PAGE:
Make no little plans. They have no magic to stir men’s blood
Daniel Burnham (1846-1912)
A thorough history of the Brooklyn–Queens Expressway can be found at NYCRoads.com.
But to illustrate the devastation wrought by the construction of this road, I’ve posted the images below showing this particular stretch of Brooklyn in 1924, 1951, and 2008.
Does the MTA’s ban on inter-car travel make sense? Five years ago, MTA Board member Barry Feinstein defended the rule. “It’s dangerous. It’s not smart, and you shouldn’t do it,” he said. The number of people who get a ticket though far outweigh the one or two a year who suffer injury while switching cars.
The reasons for moving between subway cars are legion. Take Nora Hsu’s story for example.
An officer on patrol on the platform spotted her crossing and ordered her off the train.
“I told the cop, ‘Cut me some slack. I’m 32 weeks pregnant, and I’m just trying to get home,’ ” she recalled for The Post. “I was out of breath.”
But the officer said, “It doesn’t matter,” and wrote the ticket.
That got me wondering about articulated subway cars. That is to say, train cars that allow riders to go between them without ever physically stepping outside the train. And this led me to a post by Yonah Freemark at The Transport Politic.
Though an MTA Metro-North Railroad spokesman told me that articulation would reduce seating and probably not meet FRA structural requirements, there are no such limitations for the city’s subway system according to Mr. Anyansi, and in fact, the city once had articulated cars in operation.
Such as the D-type Triplex:
Here we see the articulated joint between the two cars. A feature I hope to see in any future NYC subway rolling stock. A feature that Nora Hsu would’ve greatly appreciated.
Officials from NYSDOT, the MTA, and New York State Thruway Authority have announced that the Tappan Zee Bridge/Interstate 287 Corridor Project has narrowed the designs for a new bridge from six to the two that are rendered below.
A new span to replace the soon-to-be 55-year-old Tappan Zee Bridge is just one part of the $16 billion project. It also would add bus rapid transit from Suffern to Port Chester along 30 miles of Interstate 287 and would call for the construction of a new passenger rail line across Rockland, over the new bridge and into Westchester onto Metro-North Railroad’s Hudson Line, ending at Grand Central Terminal in Manhattan.
The issue of how it will all be paid was addressed in Nyack News & Views:
NYDOT’s Phil Ferguson told the legislators he’s sticking with the project’s original $16 billion estimate — for now. But he cautions that the longer it takes to start the project the more it will cost. Ferguson says it’s important to position the project for future federal dollars like the proposed National Infrastructure Bank and look at value engineering to try to reduce costs.
There was also the reality check about pleasing all the people all the time:
Project Director Michael Anderson says that when the ribbon is cut for a new Tappan Zee Bridge sometime in the next ten years, the eight planned lanes won’t have enough capacity to support all of the cars, trucks and buses that want to cross the Hudson. But even if more lanes are added traffic would still be constrained by the roadways that feed the bridge. That’s why about half of the $16 billion planners are asking for the Tappan Zee Bridge/I-287 Corridor Project will be used to expand intra-county, inter-county and NYC-bound transit options. “We can’t build our way out of congestion,” he says.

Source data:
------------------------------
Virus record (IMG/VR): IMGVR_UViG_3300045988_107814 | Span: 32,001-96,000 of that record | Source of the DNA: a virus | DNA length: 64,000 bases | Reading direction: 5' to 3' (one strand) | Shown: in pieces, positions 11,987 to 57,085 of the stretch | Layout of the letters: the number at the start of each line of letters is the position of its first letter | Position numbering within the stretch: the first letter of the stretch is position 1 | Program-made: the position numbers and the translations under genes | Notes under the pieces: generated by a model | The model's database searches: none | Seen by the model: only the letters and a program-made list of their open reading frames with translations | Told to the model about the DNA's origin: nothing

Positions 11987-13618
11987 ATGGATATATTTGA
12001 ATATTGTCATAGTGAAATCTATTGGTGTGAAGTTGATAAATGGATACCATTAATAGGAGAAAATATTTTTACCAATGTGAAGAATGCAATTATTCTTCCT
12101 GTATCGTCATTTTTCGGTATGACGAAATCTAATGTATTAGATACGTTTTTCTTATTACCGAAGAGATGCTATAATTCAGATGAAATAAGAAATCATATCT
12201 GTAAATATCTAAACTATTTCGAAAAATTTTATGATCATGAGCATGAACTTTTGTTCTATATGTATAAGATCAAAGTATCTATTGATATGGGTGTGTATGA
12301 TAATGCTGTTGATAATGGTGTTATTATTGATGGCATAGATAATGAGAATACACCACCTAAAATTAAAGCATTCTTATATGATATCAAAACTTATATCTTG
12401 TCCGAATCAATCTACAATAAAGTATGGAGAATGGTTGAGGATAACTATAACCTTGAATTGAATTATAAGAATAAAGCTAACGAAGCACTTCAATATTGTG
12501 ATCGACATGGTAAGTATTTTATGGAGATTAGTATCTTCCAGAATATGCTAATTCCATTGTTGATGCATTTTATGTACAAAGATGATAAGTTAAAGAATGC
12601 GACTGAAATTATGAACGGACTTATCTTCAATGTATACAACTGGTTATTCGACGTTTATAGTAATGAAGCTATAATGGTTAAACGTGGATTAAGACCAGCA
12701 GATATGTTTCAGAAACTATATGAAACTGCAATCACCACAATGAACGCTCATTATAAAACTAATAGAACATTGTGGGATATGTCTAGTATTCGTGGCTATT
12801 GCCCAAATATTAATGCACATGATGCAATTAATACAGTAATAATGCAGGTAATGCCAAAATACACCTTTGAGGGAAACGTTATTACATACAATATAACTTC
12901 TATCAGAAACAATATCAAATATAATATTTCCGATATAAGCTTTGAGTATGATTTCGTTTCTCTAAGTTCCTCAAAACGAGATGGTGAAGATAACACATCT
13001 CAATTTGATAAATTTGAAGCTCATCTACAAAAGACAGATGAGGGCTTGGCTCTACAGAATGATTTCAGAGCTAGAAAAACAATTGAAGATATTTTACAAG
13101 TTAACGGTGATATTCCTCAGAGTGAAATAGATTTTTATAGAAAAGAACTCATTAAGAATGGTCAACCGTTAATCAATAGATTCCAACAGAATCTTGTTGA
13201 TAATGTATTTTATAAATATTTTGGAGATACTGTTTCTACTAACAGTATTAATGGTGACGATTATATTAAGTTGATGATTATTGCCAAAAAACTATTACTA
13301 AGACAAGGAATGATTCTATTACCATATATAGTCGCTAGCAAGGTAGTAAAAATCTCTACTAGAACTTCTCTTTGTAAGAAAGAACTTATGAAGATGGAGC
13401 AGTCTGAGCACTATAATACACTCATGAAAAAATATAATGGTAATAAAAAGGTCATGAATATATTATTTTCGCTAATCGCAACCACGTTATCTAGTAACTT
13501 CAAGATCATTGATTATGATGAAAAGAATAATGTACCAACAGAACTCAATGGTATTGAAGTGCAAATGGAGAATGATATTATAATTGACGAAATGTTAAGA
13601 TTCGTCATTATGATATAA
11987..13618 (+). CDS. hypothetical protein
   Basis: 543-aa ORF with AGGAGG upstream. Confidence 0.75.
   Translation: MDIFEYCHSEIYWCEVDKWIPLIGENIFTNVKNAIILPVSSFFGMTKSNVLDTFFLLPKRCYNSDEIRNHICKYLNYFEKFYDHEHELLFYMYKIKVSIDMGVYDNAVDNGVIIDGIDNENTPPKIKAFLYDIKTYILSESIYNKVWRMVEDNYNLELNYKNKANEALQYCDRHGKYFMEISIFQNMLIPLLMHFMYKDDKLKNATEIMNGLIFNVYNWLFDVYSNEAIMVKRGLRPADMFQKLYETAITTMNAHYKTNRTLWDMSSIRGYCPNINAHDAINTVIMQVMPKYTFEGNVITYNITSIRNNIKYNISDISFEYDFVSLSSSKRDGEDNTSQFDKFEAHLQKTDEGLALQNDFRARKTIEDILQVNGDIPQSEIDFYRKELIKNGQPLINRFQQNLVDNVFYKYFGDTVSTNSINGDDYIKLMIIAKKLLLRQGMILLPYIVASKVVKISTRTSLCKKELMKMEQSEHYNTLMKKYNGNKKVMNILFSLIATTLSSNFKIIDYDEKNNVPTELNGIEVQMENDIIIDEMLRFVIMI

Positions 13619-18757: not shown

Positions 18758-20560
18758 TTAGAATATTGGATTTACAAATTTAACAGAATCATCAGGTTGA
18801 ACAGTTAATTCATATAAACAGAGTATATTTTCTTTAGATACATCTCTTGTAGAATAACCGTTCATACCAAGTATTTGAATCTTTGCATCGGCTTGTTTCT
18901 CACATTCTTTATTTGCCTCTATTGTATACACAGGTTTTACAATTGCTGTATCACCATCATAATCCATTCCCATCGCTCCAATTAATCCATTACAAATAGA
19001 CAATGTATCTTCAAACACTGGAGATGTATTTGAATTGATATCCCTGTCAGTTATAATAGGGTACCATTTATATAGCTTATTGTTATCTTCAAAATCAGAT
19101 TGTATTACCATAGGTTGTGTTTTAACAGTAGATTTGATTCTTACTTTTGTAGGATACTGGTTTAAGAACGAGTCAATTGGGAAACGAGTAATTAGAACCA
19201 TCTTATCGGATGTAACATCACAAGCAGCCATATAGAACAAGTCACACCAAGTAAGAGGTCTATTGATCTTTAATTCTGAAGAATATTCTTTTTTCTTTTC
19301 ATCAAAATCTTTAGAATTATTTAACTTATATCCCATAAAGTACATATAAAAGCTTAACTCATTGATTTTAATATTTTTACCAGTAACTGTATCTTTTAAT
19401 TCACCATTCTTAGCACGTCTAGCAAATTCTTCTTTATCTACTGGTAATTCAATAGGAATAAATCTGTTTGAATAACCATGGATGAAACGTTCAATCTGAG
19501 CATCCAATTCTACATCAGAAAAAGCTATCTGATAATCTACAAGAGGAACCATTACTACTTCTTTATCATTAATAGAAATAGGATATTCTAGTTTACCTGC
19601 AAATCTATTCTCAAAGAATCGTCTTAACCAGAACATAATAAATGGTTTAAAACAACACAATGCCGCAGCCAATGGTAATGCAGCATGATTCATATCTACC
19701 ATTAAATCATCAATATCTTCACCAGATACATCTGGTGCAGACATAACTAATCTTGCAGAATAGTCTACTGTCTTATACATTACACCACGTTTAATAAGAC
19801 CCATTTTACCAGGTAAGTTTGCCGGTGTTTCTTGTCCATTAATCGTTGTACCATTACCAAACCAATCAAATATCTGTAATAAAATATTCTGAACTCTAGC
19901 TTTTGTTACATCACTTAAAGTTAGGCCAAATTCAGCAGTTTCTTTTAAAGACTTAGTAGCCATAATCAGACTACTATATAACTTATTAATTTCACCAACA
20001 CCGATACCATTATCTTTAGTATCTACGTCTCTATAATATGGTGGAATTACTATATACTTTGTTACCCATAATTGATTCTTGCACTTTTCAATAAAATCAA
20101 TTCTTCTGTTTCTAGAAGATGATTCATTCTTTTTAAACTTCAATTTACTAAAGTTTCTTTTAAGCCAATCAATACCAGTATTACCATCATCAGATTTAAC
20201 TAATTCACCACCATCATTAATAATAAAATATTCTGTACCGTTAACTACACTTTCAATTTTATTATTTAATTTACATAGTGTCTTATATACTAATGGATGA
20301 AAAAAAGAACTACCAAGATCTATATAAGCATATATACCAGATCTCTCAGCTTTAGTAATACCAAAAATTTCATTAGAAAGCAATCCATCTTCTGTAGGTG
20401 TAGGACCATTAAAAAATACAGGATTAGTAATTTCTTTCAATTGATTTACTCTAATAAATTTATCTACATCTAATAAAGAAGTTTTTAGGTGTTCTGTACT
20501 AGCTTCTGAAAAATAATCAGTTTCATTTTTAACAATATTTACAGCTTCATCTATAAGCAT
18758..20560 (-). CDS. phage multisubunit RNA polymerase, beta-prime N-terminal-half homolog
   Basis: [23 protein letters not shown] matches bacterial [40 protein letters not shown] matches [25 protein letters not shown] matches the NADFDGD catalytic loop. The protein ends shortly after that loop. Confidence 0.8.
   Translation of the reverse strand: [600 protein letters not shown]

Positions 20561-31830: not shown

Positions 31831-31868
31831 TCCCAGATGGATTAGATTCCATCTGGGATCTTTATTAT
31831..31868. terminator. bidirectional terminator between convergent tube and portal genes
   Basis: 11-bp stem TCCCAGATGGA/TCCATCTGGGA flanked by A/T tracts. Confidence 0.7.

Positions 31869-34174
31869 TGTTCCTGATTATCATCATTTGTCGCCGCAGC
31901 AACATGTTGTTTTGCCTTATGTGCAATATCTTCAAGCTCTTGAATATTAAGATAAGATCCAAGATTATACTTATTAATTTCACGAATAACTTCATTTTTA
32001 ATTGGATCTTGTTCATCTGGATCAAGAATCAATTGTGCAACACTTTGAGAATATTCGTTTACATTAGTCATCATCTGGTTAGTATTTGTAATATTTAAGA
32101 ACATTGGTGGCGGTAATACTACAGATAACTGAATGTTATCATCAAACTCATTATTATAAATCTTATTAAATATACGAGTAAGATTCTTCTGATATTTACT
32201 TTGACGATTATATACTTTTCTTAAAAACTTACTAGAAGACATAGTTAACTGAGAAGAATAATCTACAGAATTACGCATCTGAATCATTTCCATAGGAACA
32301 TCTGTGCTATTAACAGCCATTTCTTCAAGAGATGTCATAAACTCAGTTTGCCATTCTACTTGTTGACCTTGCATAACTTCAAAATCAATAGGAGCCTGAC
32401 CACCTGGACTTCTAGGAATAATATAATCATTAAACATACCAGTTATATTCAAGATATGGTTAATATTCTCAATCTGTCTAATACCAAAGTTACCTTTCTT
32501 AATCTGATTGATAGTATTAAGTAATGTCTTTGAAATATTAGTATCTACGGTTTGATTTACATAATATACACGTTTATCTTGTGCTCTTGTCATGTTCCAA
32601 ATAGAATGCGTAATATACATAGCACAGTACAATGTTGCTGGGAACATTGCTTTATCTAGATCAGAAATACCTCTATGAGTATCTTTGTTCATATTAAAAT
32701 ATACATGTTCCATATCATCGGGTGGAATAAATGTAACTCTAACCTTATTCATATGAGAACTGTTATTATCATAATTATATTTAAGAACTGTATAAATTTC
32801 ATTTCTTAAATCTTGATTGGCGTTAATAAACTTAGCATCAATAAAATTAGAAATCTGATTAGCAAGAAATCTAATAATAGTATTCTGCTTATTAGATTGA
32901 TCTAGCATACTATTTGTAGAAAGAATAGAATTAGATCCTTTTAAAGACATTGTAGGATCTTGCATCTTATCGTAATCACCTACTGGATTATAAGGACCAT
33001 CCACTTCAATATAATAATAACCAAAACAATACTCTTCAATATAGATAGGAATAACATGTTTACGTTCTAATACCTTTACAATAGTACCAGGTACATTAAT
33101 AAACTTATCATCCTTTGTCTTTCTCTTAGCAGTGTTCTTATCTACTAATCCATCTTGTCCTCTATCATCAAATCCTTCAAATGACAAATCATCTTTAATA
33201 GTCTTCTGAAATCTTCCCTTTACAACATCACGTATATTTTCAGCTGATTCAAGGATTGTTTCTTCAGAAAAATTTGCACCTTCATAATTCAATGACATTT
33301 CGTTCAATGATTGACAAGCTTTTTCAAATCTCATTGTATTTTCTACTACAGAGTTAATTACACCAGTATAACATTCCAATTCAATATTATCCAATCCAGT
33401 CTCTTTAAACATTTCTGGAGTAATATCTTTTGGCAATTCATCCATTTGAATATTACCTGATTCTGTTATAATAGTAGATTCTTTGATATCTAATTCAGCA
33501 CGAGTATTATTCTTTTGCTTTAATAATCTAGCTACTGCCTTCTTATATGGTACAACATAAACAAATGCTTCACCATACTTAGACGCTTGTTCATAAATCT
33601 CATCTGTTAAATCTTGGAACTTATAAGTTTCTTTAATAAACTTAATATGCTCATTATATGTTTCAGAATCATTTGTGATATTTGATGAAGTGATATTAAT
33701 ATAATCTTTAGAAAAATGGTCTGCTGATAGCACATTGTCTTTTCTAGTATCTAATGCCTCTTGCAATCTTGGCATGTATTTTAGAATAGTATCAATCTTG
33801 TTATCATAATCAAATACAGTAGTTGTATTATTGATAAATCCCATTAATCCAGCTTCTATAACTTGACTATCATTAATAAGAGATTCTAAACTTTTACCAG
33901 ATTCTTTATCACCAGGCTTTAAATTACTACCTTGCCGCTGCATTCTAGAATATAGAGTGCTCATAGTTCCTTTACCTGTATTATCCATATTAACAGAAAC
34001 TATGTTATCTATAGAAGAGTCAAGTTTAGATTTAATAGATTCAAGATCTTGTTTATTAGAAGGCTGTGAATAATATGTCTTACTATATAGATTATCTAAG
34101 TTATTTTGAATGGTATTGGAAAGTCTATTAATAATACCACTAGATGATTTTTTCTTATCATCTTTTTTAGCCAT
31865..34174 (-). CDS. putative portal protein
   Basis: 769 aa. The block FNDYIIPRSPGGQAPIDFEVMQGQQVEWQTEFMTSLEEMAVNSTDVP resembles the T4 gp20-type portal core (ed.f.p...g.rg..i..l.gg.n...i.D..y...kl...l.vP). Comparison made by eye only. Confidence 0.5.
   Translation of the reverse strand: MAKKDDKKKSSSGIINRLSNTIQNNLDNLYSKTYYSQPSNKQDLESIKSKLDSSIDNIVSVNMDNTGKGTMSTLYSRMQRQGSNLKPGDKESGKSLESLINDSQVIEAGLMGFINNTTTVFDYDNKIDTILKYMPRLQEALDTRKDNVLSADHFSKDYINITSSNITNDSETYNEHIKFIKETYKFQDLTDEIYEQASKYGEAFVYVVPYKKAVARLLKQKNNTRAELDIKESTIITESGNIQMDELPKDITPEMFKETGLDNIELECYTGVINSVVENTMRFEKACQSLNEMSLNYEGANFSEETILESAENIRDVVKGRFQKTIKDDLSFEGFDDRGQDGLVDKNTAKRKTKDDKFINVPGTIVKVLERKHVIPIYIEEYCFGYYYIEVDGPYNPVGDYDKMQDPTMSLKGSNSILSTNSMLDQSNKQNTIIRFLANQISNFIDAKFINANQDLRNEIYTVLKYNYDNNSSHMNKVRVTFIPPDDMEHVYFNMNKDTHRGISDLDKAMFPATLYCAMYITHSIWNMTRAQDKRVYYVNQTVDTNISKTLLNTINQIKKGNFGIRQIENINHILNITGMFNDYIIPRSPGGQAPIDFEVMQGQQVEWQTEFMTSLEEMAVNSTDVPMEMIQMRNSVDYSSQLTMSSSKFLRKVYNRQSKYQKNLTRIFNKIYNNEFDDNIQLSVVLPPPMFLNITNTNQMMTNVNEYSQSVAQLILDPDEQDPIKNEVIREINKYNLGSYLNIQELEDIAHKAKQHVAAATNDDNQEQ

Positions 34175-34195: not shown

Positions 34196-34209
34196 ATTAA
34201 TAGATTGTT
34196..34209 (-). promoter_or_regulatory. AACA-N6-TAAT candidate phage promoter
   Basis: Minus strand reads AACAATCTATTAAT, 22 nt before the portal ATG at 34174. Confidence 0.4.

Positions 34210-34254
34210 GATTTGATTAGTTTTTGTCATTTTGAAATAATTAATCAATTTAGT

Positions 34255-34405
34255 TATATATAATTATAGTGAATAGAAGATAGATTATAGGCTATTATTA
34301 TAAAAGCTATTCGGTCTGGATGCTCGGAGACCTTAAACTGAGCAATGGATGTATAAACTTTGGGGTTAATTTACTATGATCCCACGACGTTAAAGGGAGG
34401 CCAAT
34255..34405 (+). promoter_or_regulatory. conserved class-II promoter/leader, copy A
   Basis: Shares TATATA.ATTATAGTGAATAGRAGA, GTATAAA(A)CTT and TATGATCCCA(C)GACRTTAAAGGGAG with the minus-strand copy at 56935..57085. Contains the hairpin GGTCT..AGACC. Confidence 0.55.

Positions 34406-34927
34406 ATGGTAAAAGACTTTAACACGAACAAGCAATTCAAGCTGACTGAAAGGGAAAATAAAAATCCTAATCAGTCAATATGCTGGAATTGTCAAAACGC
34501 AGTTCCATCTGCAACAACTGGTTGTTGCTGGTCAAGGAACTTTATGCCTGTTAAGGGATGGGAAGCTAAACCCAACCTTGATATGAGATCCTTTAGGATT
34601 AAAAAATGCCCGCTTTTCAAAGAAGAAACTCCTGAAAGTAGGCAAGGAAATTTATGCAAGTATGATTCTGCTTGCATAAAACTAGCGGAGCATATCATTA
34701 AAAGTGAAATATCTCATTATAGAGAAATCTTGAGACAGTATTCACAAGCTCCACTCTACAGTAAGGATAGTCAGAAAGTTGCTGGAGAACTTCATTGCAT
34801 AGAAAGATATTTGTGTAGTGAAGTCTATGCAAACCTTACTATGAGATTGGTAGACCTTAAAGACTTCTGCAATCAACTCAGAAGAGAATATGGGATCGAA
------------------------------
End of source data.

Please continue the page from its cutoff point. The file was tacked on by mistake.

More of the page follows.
It’s not just the bottlenecks at feeder roads that will constrain traffic. It’s the general principle of “traffic generation” that Robert Caro addressed in his biography of Robert Moses, “The Power Broker”. Basically the theory postulates that the number of cars on the road is not a static number. When you add an extra lane, an extra bridge, and/or extra tunnel, it’s just an invitation for even more drivers to use it. Nature abhors a vacuum.
All in all the plan is a refreshing return of the days when infrastructure was built to serve all forms of transportation. Robert Moses might be screaming curses, but Gustav Lindenthal might be wiping a tear of catharsis. Plan 5 is better because the lower level of the south span could double the number of trains in the future. Freight rail perhaps.
Supplementing the First Avenue Subway (Route #1) and—one would assume—eliminating the need for a 3rd Avenue Elevated, William Barclay Parsons designed a four-track subway to run under 3rd Avenue and Bowery. It’s complicated set of tracks in the Bronx belie an ambition of the original transit planners; to have the city’s subways operated by private railroad companies such as the New York Central Railroad and the Pennsylvania Railroad. In Midtown, there’s also an interesting crosstown connection along 35th and 36th Streets.
Starting in the Bronx we see an interesting setup of tracks. The western branch makes a loop up and around Lincoln, Morris, and 3rd Avenues. A complicated array of spurs would have connected it to the then proposed 138th Street Line, which is now a part of today’s Pelham Line operated by the #6 train. (On a side-note, reading through the description of these spurs, written in florid late-Victorian speech, was tedious to say the least.) Since the Pelham Line was built in the Dual Contracts period, it’s within the realm of possibility that a future connection to an East Side Subway (whether along 1st, 2nd, or 3rd Avenues) was kept in mind by the builders. Over on the eastern branch, it would have run down Bruckner Boulevard then veered into the rail yards south of 132nd Street. This indicates a possible connection with the now defunct New York, Westchester & Boston Railway.*